L> The Inverse Sine Function Understanding theInverse Sine Function”> The Function y = sin-1x = arcsin x and its Graph: Since y = sin -1x is the inverse of the function y = sin x, the function **y = sin-1x if and only if sin y = x**. But, since y = sin x is not one-to-one, its domain must be restricted in order that y = sin-1x is a function. To get the graph of y = sin-1x, start with a graph of y = sin x. Restrict the domain of the function to a one-to-one region – typically” width=”57″ height=”39″ align=”absmiddle”> is used (highlighted in red at right) for sin-1x. This leaves the range of the restricted function unchanged as <-1, 1>. Reflect this graph across the line y = x to get the graph of y = sin-1x (y = arcsin x), the black curve at right. Notice that y = sin-1x has domain <-1, 1> and range ” width=”56″ height=”39″ align=”absmiddle”>. It is strictly increasing on its entire domain. So, when you ask your calculator to graph y = sin-1x, you get the graph shown at right. (The viewing window is <-2, 2> x <-2, 2>.)

## Evaluating y = sin-1x:

### Example 1: Evaluate sin-1(1/2)

Most people are more familiar (and more comfortable) with the trigonometric functions than their inverses. Therefore, the first step in evaluating this expression is to say that if y = sin-1(1/2), then sin y = 1/2.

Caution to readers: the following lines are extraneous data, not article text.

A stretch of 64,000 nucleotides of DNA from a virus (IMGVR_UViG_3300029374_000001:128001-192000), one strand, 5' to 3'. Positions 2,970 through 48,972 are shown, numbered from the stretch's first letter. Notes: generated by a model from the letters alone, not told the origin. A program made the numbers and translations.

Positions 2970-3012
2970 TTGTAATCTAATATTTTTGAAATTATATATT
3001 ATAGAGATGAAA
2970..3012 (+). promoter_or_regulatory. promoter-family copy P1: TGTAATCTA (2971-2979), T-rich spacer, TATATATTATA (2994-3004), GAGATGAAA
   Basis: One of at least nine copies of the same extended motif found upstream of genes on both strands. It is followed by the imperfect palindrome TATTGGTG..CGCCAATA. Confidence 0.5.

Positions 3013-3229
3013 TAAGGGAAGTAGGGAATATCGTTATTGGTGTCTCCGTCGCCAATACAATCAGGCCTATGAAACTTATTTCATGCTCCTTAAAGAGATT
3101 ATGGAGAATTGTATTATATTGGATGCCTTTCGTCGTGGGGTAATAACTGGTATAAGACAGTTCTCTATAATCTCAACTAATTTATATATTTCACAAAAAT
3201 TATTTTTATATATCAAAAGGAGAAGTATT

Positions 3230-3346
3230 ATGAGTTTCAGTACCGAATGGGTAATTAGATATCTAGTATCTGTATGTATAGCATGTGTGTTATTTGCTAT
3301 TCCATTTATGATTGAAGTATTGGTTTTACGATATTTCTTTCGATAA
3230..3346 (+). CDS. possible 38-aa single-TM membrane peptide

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This simple trigonometric function has an infinite number of solutions:

Five of these solutions are indicated by vertical lines on the graph of y = sin x below.

So, is the value of sin-1 (1/2) given by the expressions above? No! It is vitally important to keep in mind that the inverse sine function is a single-valued, one-to-one function. Only one of the infinite number of solutions given above is the result we want. Which one? Remember that the range of sin-1x is ” width=”56″ height=”39″ align=”absmiddle”>, which is indicated in blue in the figure above. **It is really important to know the domain and range of the inverse trigonometric functions!** (Why is this blue interval marked on the x-axis if it represents the range of sin-1x? Because the

*range*of the inverse function equals the

*domain*of the principal function.) The only solution of y = sin x that falls within the required range is

(the solid red line in the figure above). Therefore,

### Example 2: What is

A unit-circle diagram is shown at right. Notice that candidates for the solution include:

However, only one of these values is in the range of sin-1x (” width=”56″ height=”39″ align=”absmiddle”>), so:

The Derivative of y = sin-1x:

The derivative of y = sin-1 x is: (Click here for a derivation.)

The graphs of y = sin-1 x and its derivative is shown at right. The domain of y” is (-1. 1). Since y = sin-1 x is always increasing, y” > 0 for all x in its domain.

## Integrals Involving the Inverse Sine Function

Since

,

. This means that the arcsine function arises in discussions involving integrals (and areas) of “relatively normal looking” algebraic functions. For instance:

This is the shaded area shown in the TI-89 screen shot at right. (The window is <-0.5, 1.1> x <0, 3>.)